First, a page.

Proving that Regency-era novels aren’t the only ones which can be adapted and told modern-day, PBS Studios picked up some of the crew from LBD to start Frankenstein, MD. This series is told from the perspective of Victoria Frankenstein, a medical student who believes that there are no natural or moral limits to science- and after a horrible accident- decides to prove that she can bring the dead back to life. As a production by PBS, the series attempts to bring in some anatomy and biology science lessons along with plot points, which mostly works, but sometimes seems a bit stilted.

Here’s the first episode:


The March Family Letters

Currently, the production team from Pemberley Digital is creating an adaption of Louisa May Alcott’s Little Women, called The March Family Letters. The series features an all-female cast who are writing digital letters to their mother while she’s deployed overseas. So far, there have only been three episodes, so if you want to follow the social media and other supplemental aspects of the story in real time, there’s plenty of time to join!

Apart from the Pemberley Digital/LBD team, I’ve found a few webseries adaptations which I highly recommend to anyone trying to fill the LBD void.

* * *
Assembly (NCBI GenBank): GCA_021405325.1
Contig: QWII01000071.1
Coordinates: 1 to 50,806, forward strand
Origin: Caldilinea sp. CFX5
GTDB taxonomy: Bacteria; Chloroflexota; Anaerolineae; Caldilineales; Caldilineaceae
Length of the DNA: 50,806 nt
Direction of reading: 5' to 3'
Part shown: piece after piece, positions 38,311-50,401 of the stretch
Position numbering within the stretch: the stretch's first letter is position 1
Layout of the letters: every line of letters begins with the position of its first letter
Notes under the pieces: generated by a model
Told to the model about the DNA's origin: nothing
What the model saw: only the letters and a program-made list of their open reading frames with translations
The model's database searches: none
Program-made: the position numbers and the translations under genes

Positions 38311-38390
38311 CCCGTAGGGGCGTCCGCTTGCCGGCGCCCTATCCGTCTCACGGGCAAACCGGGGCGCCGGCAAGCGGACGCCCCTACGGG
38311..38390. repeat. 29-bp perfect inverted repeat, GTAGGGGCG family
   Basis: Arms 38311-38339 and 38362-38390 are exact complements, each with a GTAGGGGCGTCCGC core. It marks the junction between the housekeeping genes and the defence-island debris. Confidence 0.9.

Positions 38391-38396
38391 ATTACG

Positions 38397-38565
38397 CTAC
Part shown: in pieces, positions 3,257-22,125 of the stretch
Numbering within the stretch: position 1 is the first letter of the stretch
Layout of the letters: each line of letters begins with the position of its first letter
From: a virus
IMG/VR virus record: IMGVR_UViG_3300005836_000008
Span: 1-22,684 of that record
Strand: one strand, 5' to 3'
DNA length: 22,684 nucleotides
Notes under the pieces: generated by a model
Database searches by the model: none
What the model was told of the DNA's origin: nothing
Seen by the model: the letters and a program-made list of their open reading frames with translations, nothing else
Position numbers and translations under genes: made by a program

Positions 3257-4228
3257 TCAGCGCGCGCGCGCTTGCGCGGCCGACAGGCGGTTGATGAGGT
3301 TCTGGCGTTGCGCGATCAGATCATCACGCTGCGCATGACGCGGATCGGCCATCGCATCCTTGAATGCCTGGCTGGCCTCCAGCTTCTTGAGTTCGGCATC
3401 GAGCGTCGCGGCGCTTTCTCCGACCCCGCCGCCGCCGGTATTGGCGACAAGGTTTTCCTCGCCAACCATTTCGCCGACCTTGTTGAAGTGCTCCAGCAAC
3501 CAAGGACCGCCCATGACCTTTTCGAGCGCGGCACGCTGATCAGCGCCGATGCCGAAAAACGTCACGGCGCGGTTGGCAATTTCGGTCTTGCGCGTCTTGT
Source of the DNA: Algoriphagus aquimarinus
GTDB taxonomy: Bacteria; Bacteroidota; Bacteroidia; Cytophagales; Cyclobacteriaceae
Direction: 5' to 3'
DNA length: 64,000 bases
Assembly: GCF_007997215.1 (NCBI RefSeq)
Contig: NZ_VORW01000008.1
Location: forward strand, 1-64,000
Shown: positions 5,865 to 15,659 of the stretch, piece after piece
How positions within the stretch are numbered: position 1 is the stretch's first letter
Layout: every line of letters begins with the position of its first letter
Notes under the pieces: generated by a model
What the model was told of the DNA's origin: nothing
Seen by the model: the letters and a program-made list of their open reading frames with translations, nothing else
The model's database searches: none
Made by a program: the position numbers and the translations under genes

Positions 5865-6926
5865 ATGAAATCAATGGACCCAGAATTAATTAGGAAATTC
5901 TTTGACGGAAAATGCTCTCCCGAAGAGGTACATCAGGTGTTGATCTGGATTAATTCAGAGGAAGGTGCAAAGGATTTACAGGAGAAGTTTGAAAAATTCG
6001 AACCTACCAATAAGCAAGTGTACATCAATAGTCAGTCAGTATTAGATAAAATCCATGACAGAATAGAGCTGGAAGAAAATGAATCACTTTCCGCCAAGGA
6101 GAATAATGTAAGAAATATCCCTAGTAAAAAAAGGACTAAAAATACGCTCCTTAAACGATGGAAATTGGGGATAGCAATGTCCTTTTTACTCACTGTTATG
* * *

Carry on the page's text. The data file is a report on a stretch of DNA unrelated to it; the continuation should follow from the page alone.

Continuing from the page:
My favorite non-Austen adaptation is Carmilla, an adaptation of a lesser-known Gothic novella of the same name by Sheridan Le Fanu published in 1872. Carmilla‘s series follows a group of college students on a supernatural campus as they investigate a series of kidnappings and disappearances. Laura ends up getting more than an English essay on her plate after her roommate gets kidnapped and replaced by the mysterious Carmilla.

Carmilla has a pretty large fanbase- the show is produced by Vervegirl TV and gets double points for its LGBTQ+ representation. The story is reminiscent of the good Buffy days, it’s equal parts funny and dramatic, and it just got renewed for a second season!

Undoubtedly my favorite vampire webseries here:


The New Adventures of Peter and Wendy

If you’re not in to supernatural adaptations, The New Adventures of Peter and Wendy tell the story of Peter Pan from multiple characters’ perspectives. I haven’t followed this series as much as Carmilla or Pemberley Digital’s work, but the story is endearingly cute and the main leads have great onscreen chemistry.

First Episode:


Classic Alice